Search Images Maps Play YouTube News Gmail Drive More »
Sign in
Screen reader users: click this link for accessible mode. Accessible mode has the same essential features but works better with your reader.

Patents

  1. Advanced Patent Search
Publication numberUS20050046243 A1
Publication typeApplication
Application numberUS 10/640,194
Publication dateMar 3, 2005
Filing dateAug 14, 2003
Priority dateAug 14, 2003
Publication number10640194, 640194, US 2005/0046243 A1, US 2005/046243 A1, US 20050046243 A1, US 20050046243A1, US 2005046243 A1, US 2005046243A1, US-A1-20050046243, US-A1-2005046243, US2005/0046243A1, US2005/046243A1, US20050046243 A1, US20050046243A1, US2005046243 A1, US2005046243A1
InventorsLynne Cimino, Camilla Mathlein
Original AssigneeCimino Lynne Ann, Camilla Mathlein
Export CitationBiBTeX, EndNote, RefMan
External Links: USPTO, USPTO Assignment, Espacenet
Versatile modular furniture unit
US 20050046243 A1
Abstract
An all inclusive, standard unit of modular furniture where same units link together contiguously to create larger furniture configurations. The unit of furniture disclosed, has the ability to convert from a table to an ottoman, to a chair by the manipulation of a table top panel's positioning within a base structure or storage compartment 27. The storage compartment 27 is formed by four support walls; two parallel facing table top support walls 24 and two parallel facing seat support walls 26. A slot system 32 comprising varying angles 32 a and 32 b, is routed from the seat support walls 26. The angles accept and hold in place, the table top panel 36. Once in place, the table top panel functions as the seat back of the chair. The varying angles of the slots 32 a and 32 b create the seat back positions which range from upright to reclined. When a table is desired, the table top panel 36 is removed from slot system 32 and placed horizontally across the top edges of table top support walls 24. Outer, rigid panels 38 wrap storage compartment 27. A base bar of rigid material 30 a is attached within a shallow notch 38 a at the center, top edge of each outer panel 38. A smaller bar 30 b bridges over two aligned connector bases 30 a from two side by side units, linking these units together. Cushions 40 and 42, specifically designed to store inside the base structure, may be added for comfort.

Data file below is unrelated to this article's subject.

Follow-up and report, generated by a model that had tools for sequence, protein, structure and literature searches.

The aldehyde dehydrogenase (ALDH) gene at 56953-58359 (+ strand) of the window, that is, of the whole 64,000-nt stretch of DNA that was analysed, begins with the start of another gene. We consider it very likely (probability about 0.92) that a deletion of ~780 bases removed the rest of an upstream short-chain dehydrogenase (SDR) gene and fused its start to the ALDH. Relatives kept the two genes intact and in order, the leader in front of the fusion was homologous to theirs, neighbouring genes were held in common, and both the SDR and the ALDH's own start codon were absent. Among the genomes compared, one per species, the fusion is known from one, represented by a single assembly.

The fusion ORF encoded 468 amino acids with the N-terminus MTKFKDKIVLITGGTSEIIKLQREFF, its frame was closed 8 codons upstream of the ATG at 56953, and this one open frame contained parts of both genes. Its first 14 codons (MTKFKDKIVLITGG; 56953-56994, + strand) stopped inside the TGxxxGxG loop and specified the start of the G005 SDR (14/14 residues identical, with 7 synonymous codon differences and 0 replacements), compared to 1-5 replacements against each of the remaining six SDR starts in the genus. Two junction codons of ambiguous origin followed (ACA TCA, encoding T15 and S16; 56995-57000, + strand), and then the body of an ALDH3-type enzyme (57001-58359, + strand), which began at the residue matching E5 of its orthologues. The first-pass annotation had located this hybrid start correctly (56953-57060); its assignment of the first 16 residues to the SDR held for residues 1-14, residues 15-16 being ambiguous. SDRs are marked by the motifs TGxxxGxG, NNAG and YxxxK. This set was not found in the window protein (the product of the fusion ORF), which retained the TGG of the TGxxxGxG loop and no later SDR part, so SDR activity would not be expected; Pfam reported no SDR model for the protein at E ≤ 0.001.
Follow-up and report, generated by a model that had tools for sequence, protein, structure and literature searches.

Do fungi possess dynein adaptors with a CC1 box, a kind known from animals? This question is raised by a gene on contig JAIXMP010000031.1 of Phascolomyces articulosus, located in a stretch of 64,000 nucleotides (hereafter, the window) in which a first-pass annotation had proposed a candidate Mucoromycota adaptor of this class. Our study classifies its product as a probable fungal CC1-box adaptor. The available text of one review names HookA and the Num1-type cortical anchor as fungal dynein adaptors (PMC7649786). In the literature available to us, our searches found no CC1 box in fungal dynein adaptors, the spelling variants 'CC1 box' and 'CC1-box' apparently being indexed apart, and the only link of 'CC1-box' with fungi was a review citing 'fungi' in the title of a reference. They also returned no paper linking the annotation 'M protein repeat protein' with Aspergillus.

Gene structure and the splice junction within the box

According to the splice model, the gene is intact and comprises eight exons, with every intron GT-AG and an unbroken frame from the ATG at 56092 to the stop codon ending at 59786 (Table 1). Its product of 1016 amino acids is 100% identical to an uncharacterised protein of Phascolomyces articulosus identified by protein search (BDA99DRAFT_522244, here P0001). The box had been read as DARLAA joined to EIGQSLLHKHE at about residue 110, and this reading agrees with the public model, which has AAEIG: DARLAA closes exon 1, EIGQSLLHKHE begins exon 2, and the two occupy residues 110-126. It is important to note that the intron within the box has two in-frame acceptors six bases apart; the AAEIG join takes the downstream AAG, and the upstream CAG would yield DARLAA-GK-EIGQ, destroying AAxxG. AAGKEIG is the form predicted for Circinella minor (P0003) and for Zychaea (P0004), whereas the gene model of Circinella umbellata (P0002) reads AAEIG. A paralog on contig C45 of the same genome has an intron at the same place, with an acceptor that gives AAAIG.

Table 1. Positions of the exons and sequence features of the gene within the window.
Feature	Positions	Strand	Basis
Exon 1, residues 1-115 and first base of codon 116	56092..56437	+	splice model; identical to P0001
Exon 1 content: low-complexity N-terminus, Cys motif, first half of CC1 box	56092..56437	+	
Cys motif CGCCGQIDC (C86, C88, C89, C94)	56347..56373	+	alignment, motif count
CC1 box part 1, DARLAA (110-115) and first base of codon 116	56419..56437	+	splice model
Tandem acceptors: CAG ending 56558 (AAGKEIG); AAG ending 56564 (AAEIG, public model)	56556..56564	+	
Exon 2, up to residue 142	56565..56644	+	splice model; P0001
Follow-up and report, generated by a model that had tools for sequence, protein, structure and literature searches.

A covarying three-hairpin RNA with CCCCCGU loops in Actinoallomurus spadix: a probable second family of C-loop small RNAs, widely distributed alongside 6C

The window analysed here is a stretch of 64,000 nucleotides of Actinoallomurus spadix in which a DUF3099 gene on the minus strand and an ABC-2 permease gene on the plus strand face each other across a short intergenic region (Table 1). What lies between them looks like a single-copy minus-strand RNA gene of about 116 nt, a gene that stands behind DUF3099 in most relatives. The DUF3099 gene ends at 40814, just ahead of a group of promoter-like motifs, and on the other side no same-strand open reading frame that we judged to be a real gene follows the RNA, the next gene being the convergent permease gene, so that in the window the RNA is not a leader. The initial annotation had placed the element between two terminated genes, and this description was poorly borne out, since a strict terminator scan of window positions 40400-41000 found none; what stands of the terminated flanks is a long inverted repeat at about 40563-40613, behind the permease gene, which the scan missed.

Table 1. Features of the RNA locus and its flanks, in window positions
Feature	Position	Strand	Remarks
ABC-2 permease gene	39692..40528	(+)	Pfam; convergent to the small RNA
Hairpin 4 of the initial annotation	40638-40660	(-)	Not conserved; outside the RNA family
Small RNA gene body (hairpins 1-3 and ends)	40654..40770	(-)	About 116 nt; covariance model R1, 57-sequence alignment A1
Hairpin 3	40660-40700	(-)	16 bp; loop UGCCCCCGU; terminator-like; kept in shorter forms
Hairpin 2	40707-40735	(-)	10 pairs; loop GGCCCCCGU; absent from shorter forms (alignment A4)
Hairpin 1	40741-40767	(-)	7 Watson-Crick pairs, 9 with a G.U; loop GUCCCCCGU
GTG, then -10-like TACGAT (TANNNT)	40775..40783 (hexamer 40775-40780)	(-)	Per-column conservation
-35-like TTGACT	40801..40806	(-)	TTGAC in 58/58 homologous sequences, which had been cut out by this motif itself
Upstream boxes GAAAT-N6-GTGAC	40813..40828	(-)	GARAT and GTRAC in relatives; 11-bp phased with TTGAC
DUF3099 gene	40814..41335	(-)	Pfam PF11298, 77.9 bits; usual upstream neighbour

Images(13)
Previous page
Next page
Claims(20)
1. A unit of furniture to support a sitting human being, comprising:
a base structure having an inside compartment, a table top panel,
a seat panel, and a support for holding said table top panel in both a suitable position to support the back of a seated human being as well as a position for holding items used by a seated human being.
2. The base structure of claim 1 being a square, rectangular, round, trapezoidal, or triangular in shape and made from a rigid material suitable for furniture construction.
3. The base structure of claim 1 having a floor panel onto which legs of any desired height or shape may be fixed.
4. The base structure of claim 1 wherein a plurality of sheets of rigid material, having both an outer and inner surface, are vertically fixed to said base structure's outside perimeter.
5. The sheets of rigid material of claim 4 wherein said sheets have a shallow notch centrally located on said sheet's top edge.
6. The sheets of rigid material of claim 4 wherein said sheets are fixed to one another, end to end, in a perpendicular relationship, in such a manner that the resulting form is suitable in strength to be used independently as the base structure of claim 1.
7. The base structure of claim 1 wherein pairs of seat support walls are vertically fixed, in parallel relationship to one another, in which the top edges of said walls horizontally support the seat panel of claim 1, whereby creating a suitable surface to support a seated human being.